Working For a Better America: Thoughts on Obama’s Second Inauguration, Dr. Cornel West, and the Legacy of Martin Luther King, Jr.
Although I wrote this piece nearly five years ago, the theme and message of Dr. West’s speech are as true today as they were in 2013…
At 8:00pm on Sunday, January 20, 2013, during Kennesaw State University’s Annual Observance of the Birthday of Dr. Martin Luther King, Jr. at the Dr. Bobbie Bailey and Family Performance Center, Dr. West gave the keynote speech in a program titled “Globalizing the Black Legacy.” Following a beautiful and uplifting musical selection by the KSU Gospel Choir, led by Dr. Opal Moses, the stage was yielded to the esteemed Dr. West, who exalted music as an integral component to the Civil Rights Movement. He claimed there would have been “no Martin Luther King without Mihalia Jackson” and promised of his speech that “The last thing I want to do is deodorize [MLK]. It’s gonna get funky up in here.” Dr. West stayed true to his word, offering a view of Dr. King that many of us forget.
“MLK was a radical and a real person,” said Lauren Wiginton, who was in attendance at the event. She said Dr. West’s speech “made me think about the truly controversial nature of [Dr. King’s] message, and how even today it would be considered controversial when you look at the heart of it.” Dr. West spoke of how MLK’s movement highlighted “unarmed truth and unconditional love,” regardless of whether those ideals fit snugly with any political agenda. His message called for the world to think about what it means to be human, reminding us that you reap what you sow.
Let me be clear from the start: I do not want to see Donald Trump lead the most powerful nation in the world. He would wreck our international relationships, ruin the country’s credit, and generally run the United States into the ground. But having him run for president might be exactly what America needs right now.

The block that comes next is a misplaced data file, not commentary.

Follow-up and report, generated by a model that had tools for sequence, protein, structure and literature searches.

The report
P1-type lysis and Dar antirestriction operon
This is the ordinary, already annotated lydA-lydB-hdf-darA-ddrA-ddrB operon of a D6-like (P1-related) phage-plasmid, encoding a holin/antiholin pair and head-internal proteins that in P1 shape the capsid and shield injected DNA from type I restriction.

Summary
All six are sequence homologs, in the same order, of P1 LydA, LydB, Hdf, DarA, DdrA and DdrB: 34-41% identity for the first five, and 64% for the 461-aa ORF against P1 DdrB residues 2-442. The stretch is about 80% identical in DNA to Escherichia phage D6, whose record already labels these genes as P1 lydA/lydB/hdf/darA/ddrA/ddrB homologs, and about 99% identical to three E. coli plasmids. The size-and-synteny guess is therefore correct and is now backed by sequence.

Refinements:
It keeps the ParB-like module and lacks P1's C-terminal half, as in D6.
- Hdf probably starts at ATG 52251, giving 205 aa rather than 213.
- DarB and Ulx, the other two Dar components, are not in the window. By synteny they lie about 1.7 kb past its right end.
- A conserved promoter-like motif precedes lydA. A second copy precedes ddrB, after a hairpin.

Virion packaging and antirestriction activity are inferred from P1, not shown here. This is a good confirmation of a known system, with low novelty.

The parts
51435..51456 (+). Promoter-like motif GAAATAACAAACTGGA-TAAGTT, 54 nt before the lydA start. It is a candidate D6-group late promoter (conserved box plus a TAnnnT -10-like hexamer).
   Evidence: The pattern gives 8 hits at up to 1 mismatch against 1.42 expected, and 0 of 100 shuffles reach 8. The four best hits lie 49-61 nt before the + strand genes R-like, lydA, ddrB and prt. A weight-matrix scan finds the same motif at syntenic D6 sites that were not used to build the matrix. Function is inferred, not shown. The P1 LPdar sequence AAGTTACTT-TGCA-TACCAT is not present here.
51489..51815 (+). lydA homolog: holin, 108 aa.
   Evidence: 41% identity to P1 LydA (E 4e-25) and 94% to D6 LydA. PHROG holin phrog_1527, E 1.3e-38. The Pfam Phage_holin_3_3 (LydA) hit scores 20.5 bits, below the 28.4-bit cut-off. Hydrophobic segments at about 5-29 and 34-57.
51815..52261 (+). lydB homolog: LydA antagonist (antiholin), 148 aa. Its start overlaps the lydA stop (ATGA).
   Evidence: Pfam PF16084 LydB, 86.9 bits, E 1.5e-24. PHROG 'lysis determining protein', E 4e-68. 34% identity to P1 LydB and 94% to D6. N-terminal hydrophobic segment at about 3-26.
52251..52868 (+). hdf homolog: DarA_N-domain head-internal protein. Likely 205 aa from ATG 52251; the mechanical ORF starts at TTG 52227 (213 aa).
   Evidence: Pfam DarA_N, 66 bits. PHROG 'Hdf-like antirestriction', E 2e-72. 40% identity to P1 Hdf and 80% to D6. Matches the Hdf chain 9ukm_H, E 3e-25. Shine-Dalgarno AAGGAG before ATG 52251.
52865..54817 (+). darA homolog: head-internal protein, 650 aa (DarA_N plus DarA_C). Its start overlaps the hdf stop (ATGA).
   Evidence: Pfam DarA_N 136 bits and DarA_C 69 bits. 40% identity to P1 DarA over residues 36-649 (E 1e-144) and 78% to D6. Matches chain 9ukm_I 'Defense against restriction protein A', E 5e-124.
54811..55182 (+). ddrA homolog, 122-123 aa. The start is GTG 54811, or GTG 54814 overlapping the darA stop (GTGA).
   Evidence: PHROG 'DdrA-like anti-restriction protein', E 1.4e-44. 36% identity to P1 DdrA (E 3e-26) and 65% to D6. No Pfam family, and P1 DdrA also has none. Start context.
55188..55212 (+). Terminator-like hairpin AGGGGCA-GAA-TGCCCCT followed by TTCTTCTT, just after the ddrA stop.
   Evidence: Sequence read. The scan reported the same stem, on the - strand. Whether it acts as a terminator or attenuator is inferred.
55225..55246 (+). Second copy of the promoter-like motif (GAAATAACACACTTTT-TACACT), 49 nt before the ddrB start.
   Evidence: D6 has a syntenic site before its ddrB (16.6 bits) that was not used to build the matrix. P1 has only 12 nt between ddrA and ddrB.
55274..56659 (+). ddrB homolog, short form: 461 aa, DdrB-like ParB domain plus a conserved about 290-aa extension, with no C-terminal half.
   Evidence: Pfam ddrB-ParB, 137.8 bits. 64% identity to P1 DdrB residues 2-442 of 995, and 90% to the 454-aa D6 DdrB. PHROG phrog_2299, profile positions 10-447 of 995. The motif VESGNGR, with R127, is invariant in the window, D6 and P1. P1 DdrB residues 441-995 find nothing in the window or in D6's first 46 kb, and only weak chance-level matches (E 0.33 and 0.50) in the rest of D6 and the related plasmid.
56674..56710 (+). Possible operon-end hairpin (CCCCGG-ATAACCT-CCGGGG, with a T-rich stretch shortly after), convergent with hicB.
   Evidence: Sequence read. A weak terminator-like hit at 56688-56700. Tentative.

As Ted Cruz announces he is backing out of the race for the GOP nomination, it seems to some like a sign that half the nation is ready to bring back old-fashioned racism and bigotry. This year, Republicans across the country have turned out at the polls to vote for a man who openly diminishes immigrants, degrades women, and doesn’t seem to have any real plans for when he gets in office. The Grand Old Party is certainly shifting, but has it really moved so far backward that we might as well pull out the Dylan hits and organize a sit-in on the Mexican border?
Before the Canadian consulate gets flooded with questions on how to get a permanent visa, maybe we should take a minute to look at the real culprits behind this tangled mess. I have a hard time believing half of this country is ready for a racist misogynist to lead when only 62 percent of the population is white and nearly 51 percent are women.
Instead, I see the 2016 election as a culmination of good timing, dirty party politics, and a flawed election system.
In today’s working world, quick innovation and technological advancement has flipped the traditional system of seniority on its head. Where once experience was the fasted path to respect and a promotion, now it seems to only matter if you know the newest media platform or computer code. This is especially true in our education system, where innovation has left some of our best innovators in the dust. But it doesn’t have to be that way.